What makes a vest so great? Having worn a few myself, including a vintage one of Black Watch plaid wool my mother made in the 1970’s, I can tell you that a vest can really pull an outfit together; where something was just a shirt and pants (or skirt in my case), it becomes an ensemble with that one addition. It’s an upgrade without being too formal; it pulls things in at the torso without inhibiting movement; it leaves your arms free to do work, while the rest of you remains business. If fitted properly, it can make you appear more trim and elongate your silhouette. It looks great with or without a tie.
Since my experience with vests is limited, I asked one of the most dapper gents I know, dancer and clothier David Lochner of Philadelphia, PA, to weigh in on the topic:
“I wear vests for many reasons. They help keep you warm, they add a flair to one’s outfits, they help keep sweat off of a follow while dancing, and they help keep your tie in place. They also add a cleaner line by covering the bulk created by shirts becoming untucked, belt loops, and belts.
Social dancing is an art form and line and proportion are essential in art. But the line only comes when pants are worn properly at one’s natural waist. If the trousers aren’t worn at a proper height then the vest hinders this effort by allowing the shirt tail to peek out the back and destroy the look. Dancing is not only about the communication between partners but communication of beauty through movement and line to the audience watching.
I purchase vests where I find ones that fit. Being a long, they can be hard to come by, but I look at major retail stores, online, thrift shops, vintage stores, and eBay. Knowing one’s measurements can help ensure a proper fit. Also, taking along a man who knows menswear never hurts. Most women don’t know menswear so they can’t be reliably counted upon. (No offense!)* You don’t want something in style since style is constantly changing. It is important to take someone with you if you are not seeing a tailor since most salespersons will “Yes” you to death. Nothing is worse than buying a piece of clothing, then realizing it doesn’t fit properly while wearing it out for an extended period of time.
I hope this helped. I know my views are looked on as a bit harsh by some. But I say them because I take what I do, selling vintage menswear and swing dancing, very seriously.”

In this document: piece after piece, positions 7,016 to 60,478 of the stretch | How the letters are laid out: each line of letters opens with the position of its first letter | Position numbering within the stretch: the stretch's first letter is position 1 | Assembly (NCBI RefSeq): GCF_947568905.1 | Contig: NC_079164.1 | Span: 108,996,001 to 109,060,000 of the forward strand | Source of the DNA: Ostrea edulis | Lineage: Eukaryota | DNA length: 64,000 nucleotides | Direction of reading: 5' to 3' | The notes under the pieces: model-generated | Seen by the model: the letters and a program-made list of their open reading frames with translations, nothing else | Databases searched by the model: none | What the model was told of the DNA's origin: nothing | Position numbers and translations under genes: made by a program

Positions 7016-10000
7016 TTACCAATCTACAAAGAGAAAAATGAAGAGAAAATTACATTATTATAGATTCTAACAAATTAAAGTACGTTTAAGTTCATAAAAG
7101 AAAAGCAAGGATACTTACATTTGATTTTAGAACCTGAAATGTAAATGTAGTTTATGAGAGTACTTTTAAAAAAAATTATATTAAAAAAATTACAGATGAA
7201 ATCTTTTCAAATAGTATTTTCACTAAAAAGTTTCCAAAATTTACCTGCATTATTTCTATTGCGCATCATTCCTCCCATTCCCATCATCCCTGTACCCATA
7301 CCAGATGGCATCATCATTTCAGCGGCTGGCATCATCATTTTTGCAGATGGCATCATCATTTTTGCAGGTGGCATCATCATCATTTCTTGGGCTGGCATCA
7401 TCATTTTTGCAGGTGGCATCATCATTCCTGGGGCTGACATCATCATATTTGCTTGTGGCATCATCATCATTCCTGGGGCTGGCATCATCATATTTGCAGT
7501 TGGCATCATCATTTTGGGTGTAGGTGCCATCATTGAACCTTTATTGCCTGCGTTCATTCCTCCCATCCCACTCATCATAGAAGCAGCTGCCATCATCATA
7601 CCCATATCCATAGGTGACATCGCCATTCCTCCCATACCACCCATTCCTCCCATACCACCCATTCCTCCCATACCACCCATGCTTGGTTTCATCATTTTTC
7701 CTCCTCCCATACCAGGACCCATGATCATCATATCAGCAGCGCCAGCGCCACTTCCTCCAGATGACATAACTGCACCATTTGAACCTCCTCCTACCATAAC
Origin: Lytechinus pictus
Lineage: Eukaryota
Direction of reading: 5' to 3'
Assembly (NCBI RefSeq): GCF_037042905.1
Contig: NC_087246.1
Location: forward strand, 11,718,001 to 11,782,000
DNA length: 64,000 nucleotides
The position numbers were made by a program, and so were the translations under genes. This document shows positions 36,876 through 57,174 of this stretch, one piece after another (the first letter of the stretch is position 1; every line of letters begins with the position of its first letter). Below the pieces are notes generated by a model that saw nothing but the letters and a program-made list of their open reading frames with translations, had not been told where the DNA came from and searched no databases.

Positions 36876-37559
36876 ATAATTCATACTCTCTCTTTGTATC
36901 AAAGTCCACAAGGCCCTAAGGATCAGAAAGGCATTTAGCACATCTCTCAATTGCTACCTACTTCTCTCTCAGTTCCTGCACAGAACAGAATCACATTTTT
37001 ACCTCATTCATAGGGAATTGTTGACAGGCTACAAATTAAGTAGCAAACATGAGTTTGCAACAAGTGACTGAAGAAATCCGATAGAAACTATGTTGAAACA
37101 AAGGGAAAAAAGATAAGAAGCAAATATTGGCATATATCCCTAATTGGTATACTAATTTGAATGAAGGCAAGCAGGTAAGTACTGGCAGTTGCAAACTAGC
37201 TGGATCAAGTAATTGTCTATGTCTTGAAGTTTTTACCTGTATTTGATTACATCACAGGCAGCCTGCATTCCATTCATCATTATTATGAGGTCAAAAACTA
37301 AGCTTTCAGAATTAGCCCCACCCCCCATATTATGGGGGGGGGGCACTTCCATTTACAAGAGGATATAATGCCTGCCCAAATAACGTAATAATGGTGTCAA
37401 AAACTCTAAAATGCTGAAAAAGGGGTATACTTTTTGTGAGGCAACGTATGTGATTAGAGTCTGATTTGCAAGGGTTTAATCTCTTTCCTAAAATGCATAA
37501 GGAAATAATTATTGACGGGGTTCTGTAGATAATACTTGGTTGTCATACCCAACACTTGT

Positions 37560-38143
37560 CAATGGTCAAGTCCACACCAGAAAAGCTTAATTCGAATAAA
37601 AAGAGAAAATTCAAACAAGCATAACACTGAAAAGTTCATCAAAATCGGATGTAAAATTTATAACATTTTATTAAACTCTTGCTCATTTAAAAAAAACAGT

We believe you, David, and we salute you.
I think David has some great advice here, particularly about fit and style. I hadn’t considered that, with menswear, buying something fashionable now would limit wearability down the road, since menswear changes so little overall. However, the subtle details make a difference in menswear (skinny 50’s neckties, narrow 60’s suits, wide 70’s collars), so going with a classic, nondescript thrift store find may be a better choice in the long run than the trendy vest you may find at the mall.
There really is no go-to source for vests. In many cases, they come as part of a suit. In vintage and thrift stores, they are often orphaned pieces. In my area, the vintage store with the most vests is the least likely place to find something from the swing era. I also hear the mid-west has a great selection of vests, based on Jaredan Braal’s extensive vest wardrobe acquired during a single shopping trip in a mid-western city…
I find that if you are looking for a particular something, you will start to notice these things as you are out and about, so keep your eyes open and you may come across the vest you desire where you least expect it. If you see someone in a vest, ask them where they got it – you may get some ideas of your own about where to look in your area.
Incidentally, if you are in Philadelphia, you should make plans to visit Briar Vintage, a vintage store devoted entirely to menswear and manly “collectibles and oddities.” David is the manager of the store and I’m sure would be happy to help you “invest” in some great pieces for your wardrobe.
It’s about that time – the time of the year where we don our holiday finery for holiday parties and dances, which means it’s time to start planning our outfits now. Regular hair flowers are great, but not always the right tone for a seasonal outfit. I’ve gone so far as to pick some unknown berries and leaves from my yard and put them in my hair because I wanted to look festive. I’m not sure if the berries were poisonous, so this year…safety first.
I’ll credit Philly dancer Caroline Gleeson for the tip about May Bell Creations, the Etsy store of Caroline’s friend, Mary Hadzimichalis. Mary has created some really lovely holiday hair ornaments, some that are more floral (like that elusive poinsettia I’ve been wanting) and others sparkle, and most do both. I think she’s done a fantastic job with the materials and making the pieces look festive without being kitschy. Here’s what I love: